Vacaville aggressively pursuing biotechnology expansionMay 01 2020
The Reporter By NICK SESTANOVICH | email@example.com |
PUBLISHED: April 30, 2020 at 5:15 p.m. | UPDATED: April 30, 2020 at 6:35 p.m.
As the home of Genentech, a biomanufacturing facility that remains one of the city’s top employers, it should come as no surprise that Vacaville is a growing biotechnology region. It already has a number of other biotech centers and is looking to expand.
On Tuesday, the Vacaville City Council approved a pair of initiatives to allow the city to implement a strategy that would allow Vacaville to become “the largest biotech hub in the world.”
The strategy, according to a press statement, includes the retention of a biotechnology consultant and the establishment of a new director of economic development services position to make an aggressive push to expand the city’s biotech and advanced manufacturing clusters.
The first phase was approved by the council at its Feb. 25 meeting and included an in-depth analysis of the two industries, recommendations for new branding efforts and new unique zoning for Vacaville, a proposed marketing plan as well as new marketing materials and tools. This phase has already been completed, city officials announced.
The second phase includes establishing a nonprofit organization, creating a life science advisory board consisting of local and regional industry leaders, establishing new zoning opportunities that promote new life science uses, hosting multiple familiarization tours with biotech real estate developers and brokers,and participating remotely in Bio International 2020 to promote Vacaville’s strategy.
“We want to find every possible avenue to facilitate biotech investment and generally be prepared to make Vacaville the place that biotech companies want to be, and need to be,” City Manager Aaron Busch said in a statement. “Our city has the land, building space, infrastructure and skilled workforce that these industries require.”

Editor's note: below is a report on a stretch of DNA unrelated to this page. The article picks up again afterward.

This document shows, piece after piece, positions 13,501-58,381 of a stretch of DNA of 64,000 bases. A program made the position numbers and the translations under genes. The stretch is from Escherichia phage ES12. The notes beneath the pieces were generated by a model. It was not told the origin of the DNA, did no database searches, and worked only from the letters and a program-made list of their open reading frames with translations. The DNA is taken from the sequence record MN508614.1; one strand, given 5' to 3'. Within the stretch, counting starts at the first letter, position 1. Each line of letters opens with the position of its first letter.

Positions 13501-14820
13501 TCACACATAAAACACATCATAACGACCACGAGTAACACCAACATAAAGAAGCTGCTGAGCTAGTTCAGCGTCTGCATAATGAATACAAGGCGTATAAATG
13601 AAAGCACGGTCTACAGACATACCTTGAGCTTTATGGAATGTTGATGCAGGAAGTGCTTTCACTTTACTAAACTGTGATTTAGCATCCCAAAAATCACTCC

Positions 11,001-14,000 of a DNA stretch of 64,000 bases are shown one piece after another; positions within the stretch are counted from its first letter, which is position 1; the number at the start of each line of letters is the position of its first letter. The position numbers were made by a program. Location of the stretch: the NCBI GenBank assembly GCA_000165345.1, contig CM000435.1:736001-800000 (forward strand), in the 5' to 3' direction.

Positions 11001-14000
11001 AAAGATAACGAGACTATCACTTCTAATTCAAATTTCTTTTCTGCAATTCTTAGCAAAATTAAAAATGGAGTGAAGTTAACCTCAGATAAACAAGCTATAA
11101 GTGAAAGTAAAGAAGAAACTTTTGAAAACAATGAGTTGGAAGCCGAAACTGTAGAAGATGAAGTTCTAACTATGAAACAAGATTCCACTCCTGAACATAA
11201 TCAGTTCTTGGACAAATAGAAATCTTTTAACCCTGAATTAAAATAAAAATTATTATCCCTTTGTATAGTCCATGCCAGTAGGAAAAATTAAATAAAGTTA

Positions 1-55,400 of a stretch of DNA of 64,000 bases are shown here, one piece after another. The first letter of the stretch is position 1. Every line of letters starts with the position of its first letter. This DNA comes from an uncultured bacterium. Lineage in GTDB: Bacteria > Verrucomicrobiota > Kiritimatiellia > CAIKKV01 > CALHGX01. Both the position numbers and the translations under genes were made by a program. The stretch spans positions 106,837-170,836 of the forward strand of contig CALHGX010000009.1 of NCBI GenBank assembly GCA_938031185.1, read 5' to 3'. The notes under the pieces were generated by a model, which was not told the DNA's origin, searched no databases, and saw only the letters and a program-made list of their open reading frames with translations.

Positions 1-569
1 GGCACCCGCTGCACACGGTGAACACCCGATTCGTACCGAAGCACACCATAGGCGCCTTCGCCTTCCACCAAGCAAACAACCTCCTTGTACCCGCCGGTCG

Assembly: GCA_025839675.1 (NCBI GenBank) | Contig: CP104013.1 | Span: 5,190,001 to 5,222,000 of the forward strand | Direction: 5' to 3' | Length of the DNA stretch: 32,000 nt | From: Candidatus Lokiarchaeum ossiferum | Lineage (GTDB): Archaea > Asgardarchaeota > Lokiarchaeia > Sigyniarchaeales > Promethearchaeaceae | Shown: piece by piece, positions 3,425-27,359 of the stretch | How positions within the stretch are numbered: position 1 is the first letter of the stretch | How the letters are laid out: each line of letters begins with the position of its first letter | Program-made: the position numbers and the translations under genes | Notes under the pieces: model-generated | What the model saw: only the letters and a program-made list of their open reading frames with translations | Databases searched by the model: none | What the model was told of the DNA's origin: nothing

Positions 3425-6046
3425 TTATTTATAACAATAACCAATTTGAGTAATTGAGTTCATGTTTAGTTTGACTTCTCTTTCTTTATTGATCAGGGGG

The city has already approved a contract with Matthew Gardner of Innovation Counselors, LLC to prepare the second phase of the initiative.
“I’m extremely honored to be part of this process in Vacaville,” Gardner said in the statement. “We’re bringing the industry together in new ways and looking for solutions that deliver for citizens, industry, patients, and consumers.”
Bob Burris, president and CEO of the Solano Economic Development Corporation, praised Gardner’s hiring in a statement.
“With its leadership position in biomanufacturing, Vacaville and Solano County are poised to support the national effort to build a stronger life science manufacturing base in the U.S.,” he said. “We are thrilled to have someone with the national stature of Matthew Gardner on board with the City to help guide our efforts.”
The second phase is expected to be completed in the first quarter of 2021. After that, the goal is to install an infrastructure system capable of establishing and supporting Vacaville as a life science leader, officials wrote.
“Vacaville has been a global leader in life sciences since Alza invested in the city in 1984,” Gardner said. “Now home to a deep biomanufacturing complex and talent base, the City sees numerous ways to grow from strength.”
The initial focus will be on the biotechnology/medical device technology industry, particularly as the coronavirus has created more interest in medical devices and the manufacturing of pharmaceutical drugs. On the advanced manufacturing side, the plan is for Vacaville to expand an existing industry with a focus on agriculture technologies, aerospace and transportation, food and beverage and robotics.
“The opportunity exists for Vacaville to take advantage of our unique position in these two sectors,” Mayor Ron Rowlett said in the statement. “I feel we now have the team, knowledge and experience in place to make this happen. We’re poised to be a world leader, and we’re anxious to get started.”